But even after that fantastic apprenticeship, when I decided to leave the company to get involved in educating Africa’s leaders, I felt a measure of fear. The goal that I had set for myself seemed as difficult as climbing Mount Everest. What would you do if you planned to climb Everest? You would probably try to learn as much as you could about the mountain. You would try to find partners – buddies – to come on the journey with you. You would train your body and your mind for the task at hand. You would gather the financial and technical resources necessary for the climb. And when you finally got to the mountain, you would find a Sherpa to guide you up.
That is what I did. After I left Microsoft, I went to business school at UC Berkeley to prepare for the task I had set for myself. But occasionally, I would wake up thinking, “Patrick, what are you doing? This is crazy. This is too risky!” And then one day, I chanced upon the words of Goethe:
Whatever you can do, or dream you can, Begin it.
Boldness has genius, power, and magic in it.
Begin it now.
I typed up those words and taped them to my mirror, so I would read them every day. I found two buddies for the climb – the first being my wife, and the second, a classmate who agreed to join as co-founder. When we had completed our planning for this project; when I felt a sense of peace that we were going to start this university that I dreamed of, I thought, “Wow, this is the beginning.” So it is that our new university came to be called Ashesi, which means beginning in Fante (a Ghanaian language).
My message to you, Class of 2017, is that the most arduous journeys require careful preparation. You have received some of that preparation here at Olin, but you will need to continue preparing for the tasks at hand. Apprentice with someone. Nurture your professional and personal relationships. Find a buddy (or buddies) for this trek.
The world that you will be operating in, is going to be a world full of wonders and evolving threats. You will be living and working in a world that is experiencing exponential growth in scientific and engineering breakthroughs, with profound consequences for humanity.
The age of artificial intelligence will multiply economic output in a way that will likely eclipse what came during the age of artificial power —the steam engine, electricity, nuclear power— or even the information age. The age of additive fabrication, of 3D printing, promises to democratize manufacturing around the world and even to change the output of manufacturing from just inert products to include biological material. The age of gene editing and synthetic biology will transform healthcare and agriculture. These technologies will strengthen our ability to deal with pressing problems such as the impact of climate change, and they hold real promise for improving human life.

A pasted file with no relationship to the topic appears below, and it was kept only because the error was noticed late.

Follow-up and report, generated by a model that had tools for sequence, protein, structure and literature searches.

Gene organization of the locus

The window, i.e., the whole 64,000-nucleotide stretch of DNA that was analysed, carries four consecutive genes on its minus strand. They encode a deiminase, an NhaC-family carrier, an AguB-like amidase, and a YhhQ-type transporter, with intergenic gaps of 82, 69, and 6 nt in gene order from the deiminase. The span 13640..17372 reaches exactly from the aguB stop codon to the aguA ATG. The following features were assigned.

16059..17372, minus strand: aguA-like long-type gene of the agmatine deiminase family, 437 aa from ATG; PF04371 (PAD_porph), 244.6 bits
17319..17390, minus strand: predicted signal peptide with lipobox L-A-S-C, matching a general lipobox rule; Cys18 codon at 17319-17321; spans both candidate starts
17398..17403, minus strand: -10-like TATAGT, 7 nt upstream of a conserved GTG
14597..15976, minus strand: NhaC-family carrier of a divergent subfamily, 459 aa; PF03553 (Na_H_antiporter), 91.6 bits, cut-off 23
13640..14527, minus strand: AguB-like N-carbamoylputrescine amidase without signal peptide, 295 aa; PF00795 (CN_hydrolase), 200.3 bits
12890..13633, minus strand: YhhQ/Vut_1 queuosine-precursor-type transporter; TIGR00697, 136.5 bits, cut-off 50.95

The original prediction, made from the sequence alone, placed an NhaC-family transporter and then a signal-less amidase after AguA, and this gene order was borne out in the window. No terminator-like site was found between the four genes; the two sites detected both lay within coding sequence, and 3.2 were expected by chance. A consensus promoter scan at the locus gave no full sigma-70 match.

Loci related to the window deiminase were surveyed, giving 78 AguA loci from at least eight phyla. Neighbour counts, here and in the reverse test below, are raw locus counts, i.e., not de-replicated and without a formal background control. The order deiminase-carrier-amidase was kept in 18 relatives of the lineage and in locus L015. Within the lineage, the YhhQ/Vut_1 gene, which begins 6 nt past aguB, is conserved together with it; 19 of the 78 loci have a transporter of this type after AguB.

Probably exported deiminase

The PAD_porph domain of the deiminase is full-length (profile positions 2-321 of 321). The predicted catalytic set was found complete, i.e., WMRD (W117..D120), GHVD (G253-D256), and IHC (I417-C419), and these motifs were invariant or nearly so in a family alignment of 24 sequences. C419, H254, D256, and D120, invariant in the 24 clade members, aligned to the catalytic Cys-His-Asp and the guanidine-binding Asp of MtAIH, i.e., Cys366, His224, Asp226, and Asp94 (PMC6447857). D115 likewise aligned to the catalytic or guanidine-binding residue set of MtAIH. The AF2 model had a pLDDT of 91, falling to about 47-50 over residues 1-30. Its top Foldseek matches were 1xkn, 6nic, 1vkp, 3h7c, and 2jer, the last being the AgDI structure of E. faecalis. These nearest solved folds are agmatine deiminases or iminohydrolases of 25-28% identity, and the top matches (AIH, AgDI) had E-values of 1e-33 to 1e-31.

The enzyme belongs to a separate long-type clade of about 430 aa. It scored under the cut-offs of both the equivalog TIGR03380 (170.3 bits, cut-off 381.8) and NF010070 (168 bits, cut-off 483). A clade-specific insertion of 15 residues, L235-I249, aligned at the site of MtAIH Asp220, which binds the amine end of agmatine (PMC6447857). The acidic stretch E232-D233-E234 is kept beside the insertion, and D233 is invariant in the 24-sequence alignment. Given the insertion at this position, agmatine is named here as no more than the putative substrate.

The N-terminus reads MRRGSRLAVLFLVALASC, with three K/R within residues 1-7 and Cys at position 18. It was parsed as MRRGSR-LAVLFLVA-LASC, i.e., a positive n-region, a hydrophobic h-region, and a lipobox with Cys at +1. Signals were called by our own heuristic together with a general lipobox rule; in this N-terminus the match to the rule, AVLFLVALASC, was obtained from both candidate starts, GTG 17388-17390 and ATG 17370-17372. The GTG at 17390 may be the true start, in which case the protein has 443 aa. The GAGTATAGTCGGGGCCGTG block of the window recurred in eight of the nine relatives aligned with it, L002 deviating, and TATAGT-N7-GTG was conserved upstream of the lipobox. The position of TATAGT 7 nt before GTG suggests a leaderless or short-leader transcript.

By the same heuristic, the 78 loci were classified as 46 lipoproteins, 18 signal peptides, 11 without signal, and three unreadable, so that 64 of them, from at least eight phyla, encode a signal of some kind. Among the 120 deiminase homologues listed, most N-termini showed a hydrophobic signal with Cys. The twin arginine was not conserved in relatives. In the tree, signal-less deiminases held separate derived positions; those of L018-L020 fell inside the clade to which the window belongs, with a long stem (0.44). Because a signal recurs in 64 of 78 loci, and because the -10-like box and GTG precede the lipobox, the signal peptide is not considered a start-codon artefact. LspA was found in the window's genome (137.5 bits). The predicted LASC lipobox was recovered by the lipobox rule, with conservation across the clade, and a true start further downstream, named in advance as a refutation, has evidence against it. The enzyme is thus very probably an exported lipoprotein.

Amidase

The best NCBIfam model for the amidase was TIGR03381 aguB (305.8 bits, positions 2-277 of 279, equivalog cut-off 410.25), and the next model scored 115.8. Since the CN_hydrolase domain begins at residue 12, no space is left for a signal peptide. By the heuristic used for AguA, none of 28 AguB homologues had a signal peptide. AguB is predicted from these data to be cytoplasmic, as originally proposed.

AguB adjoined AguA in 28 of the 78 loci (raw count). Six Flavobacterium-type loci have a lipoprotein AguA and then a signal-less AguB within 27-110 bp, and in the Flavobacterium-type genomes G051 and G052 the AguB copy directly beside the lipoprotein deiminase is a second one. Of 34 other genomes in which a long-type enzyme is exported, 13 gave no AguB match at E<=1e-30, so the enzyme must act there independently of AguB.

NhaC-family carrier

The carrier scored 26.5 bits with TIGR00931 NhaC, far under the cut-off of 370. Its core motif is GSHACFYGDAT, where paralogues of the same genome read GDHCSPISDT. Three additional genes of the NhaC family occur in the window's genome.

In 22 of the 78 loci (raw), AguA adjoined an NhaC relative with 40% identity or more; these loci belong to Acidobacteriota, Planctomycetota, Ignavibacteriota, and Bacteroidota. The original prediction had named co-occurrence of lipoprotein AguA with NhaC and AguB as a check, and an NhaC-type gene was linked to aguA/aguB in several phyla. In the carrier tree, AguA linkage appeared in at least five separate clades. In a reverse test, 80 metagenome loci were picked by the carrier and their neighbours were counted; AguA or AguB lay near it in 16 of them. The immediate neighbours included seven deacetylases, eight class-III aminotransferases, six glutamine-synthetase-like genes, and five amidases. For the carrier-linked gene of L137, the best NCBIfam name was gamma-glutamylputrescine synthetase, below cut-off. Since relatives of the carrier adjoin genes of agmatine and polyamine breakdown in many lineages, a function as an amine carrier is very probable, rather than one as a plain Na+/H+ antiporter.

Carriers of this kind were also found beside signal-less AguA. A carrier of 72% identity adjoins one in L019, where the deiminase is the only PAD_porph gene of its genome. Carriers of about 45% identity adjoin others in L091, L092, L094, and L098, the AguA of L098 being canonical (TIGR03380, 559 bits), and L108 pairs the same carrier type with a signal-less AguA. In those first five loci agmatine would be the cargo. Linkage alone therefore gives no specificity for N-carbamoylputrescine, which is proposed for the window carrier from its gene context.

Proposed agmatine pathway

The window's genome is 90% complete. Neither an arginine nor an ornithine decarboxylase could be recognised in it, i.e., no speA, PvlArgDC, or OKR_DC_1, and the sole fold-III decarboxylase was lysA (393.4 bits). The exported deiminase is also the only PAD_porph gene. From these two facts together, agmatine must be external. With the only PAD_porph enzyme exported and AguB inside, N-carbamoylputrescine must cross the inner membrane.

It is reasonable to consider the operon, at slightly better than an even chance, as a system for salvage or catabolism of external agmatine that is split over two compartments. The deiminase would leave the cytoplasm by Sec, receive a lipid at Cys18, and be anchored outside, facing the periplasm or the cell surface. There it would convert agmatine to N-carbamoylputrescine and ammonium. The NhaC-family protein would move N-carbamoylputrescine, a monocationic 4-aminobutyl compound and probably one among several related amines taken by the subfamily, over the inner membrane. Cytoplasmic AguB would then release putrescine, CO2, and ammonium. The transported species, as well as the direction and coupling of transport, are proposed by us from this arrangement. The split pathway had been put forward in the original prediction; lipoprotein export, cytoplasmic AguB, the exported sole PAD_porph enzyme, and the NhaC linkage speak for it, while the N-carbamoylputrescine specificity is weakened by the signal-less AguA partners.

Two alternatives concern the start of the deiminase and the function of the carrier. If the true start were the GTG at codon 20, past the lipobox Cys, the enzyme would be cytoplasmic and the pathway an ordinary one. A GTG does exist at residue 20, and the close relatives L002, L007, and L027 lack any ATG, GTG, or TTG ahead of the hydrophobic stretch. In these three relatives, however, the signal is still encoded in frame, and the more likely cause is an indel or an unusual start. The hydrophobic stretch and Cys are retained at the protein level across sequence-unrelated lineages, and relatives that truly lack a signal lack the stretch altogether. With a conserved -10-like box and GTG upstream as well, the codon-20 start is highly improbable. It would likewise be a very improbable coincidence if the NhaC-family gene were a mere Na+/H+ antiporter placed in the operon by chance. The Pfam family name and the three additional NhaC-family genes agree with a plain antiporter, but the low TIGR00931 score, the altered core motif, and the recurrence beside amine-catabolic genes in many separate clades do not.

But these technologies will also present grave ethical questions and challenges for our world. The matter of human employment and connection will be made more urgent. Economists estimate that approximately 50% of jobs in the United States are at risk of competition from machine intelligence and robots. Think, for example, about what self-driving vehicles will mean for taxi drivers and truck drivers.
Matters of war and peace will assume a new urgency as these new technologies augment the capabilities of warring factions. Diplomacy and intercultural understanding and respect will be more important than ever before.
Although generations have brought us to this point, your generation will be at the helm during this point of inflection. How exciting to be here as the world approaches a shift more profound than the discovery of electricity. Although you probably don’t see yourselves as leaders yet, believe me, you already are. The coming challenges of the world, and the possibilities available for overcoming them, will require great leadership of you.
And it seems to me that to be great leaders, we must first be good citizens. We must first have empathy; a sense of neighborliness; a concern for the common good. It will matter too, who we consider to be our neighbors, worthy of consideration in determining the common good. Finally, it seems to me that leadership in this rapidly changing world will require a life–long commitment to scholarship, to learning from, and proactively sharing our knowledge with others.
I leave you with these thoughts to ponder on your Commencement Day, and I wish you Godspeed in the days and years ahead. Congratulations, Olin Class of 2017.